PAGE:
The proposal seeks to redevelop the former Dore Moor Garden Centre to create an integrated retirement community that provides accommodation for the over 65s. Given the site’s location on the periphery of Dore and its close association with the Peak District, our design for the village necessitated a visual identity that is consistent and integrates wholly into its surroundings. This will help to strengthen the site’s response to its context and assist in embedding the proposed development within the milieu of the local village and surrounding landscape.

There are three main types of building found within the scheme, the Village Centre, the Village Apartment buildings and the cottages. A common architectural language has been developed that can be found across all three types and which takes cues from the design principles found within Dore and the wider Peak District. Key materials, such as stone, have been used sparingly, applied to the main façades of key buildings or in locations where elements of buildings terminate key vistas. To the rear of buildings and in areas where façades are less visible, this is replaced by buff brickwork.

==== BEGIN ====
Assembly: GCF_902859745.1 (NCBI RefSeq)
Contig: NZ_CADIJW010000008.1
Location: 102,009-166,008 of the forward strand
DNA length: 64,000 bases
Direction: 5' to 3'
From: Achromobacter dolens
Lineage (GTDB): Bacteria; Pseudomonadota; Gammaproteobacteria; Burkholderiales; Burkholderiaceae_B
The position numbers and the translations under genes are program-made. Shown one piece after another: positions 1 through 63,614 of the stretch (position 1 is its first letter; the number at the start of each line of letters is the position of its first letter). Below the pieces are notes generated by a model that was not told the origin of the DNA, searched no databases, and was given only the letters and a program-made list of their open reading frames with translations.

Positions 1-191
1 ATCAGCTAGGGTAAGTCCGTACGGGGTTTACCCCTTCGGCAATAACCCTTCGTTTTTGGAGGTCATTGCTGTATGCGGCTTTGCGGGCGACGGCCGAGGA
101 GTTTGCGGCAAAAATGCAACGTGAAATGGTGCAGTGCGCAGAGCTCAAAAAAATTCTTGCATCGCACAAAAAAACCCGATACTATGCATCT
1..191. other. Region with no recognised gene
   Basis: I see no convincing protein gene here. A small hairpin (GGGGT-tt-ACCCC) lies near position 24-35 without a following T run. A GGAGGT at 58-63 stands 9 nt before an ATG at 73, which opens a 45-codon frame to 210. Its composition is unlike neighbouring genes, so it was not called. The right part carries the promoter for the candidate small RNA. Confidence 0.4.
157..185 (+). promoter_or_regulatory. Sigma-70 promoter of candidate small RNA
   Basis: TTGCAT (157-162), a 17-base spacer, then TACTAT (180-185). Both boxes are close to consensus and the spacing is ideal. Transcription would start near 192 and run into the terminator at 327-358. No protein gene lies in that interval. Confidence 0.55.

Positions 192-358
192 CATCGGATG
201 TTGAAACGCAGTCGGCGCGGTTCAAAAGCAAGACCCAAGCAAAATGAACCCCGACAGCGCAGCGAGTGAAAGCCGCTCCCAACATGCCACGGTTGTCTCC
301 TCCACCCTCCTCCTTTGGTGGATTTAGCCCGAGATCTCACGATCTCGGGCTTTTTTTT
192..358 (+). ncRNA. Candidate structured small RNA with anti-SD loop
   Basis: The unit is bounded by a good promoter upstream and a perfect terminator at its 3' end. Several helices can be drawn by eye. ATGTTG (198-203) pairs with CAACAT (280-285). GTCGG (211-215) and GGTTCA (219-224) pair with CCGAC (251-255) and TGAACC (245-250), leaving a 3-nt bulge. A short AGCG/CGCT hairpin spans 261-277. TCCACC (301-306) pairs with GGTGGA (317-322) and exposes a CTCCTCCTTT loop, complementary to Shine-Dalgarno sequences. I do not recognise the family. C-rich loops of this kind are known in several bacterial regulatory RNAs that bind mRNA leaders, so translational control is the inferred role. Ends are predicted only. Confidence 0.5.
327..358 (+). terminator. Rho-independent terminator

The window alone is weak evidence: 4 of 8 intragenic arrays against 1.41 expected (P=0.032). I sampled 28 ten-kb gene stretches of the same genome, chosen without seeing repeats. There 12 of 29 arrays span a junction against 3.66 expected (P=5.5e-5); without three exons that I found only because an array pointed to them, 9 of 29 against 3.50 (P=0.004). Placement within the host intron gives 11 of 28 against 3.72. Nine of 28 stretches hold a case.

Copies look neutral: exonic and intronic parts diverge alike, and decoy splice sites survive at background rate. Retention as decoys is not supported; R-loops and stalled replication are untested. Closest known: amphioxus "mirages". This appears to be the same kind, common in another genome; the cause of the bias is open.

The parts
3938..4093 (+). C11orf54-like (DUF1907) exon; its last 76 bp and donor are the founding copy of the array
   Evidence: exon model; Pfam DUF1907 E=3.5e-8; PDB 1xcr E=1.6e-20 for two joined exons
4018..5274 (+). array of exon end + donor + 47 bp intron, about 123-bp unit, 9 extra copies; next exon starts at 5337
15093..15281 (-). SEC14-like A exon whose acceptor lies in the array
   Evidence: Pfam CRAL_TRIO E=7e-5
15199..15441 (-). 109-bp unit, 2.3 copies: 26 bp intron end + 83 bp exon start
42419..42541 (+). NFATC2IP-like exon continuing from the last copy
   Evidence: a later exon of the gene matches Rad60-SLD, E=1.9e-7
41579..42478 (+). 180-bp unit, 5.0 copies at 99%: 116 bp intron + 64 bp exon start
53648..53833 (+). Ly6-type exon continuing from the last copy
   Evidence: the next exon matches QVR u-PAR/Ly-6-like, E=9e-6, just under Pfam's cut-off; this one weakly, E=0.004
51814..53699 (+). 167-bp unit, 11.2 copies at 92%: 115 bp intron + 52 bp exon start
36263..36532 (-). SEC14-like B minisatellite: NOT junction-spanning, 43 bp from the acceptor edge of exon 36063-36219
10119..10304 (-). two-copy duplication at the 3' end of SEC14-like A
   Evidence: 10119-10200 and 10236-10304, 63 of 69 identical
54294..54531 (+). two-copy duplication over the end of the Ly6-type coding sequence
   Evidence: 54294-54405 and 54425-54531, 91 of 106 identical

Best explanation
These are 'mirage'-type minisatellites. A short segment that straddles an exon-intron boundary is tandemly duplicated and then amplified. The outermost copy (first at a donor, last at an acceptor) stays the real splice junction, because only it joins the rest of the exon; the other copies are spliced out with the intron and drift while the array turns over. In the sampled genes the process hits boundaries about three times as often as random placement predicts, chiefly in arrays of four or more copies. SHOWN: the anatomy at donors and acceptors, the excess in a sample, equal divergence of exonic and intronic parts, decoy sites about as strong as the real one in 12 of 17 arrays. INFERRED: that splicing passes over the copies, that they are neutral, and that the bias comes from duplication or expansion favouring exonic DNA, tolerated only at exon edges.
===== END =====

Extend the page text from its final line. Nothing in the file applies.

Due to the site’s location, Inspired Villages identified a need for additional parking for residents, staff and visitors. Although a constrained site, our masterplan ingeniously seeks to maximise its potential by taking advantage of the substantial level changes, with the Village Centre being reconfigured to provide a level of undercroft parking at its base to accommodate the required number of parking spaces.

Darren Hodgson, Senior Associate Director, says: “We are delighted to have submitted this proposal on behalf of Inspired Villages for what will be a stunning integrated retirement community on the edge of the Peak District. We have conceived a contemporary interpretation of the architectural language and material palette of the Peak District and historic core of the village of Dore to ensure our design proposals are as robust as possible and integrated into the environment. It is our view that this is a well-considered masterplan that makes the most of the site and meets the high demand for older person’s housing within the area. We very much look forward to seeing the scheme delivered.”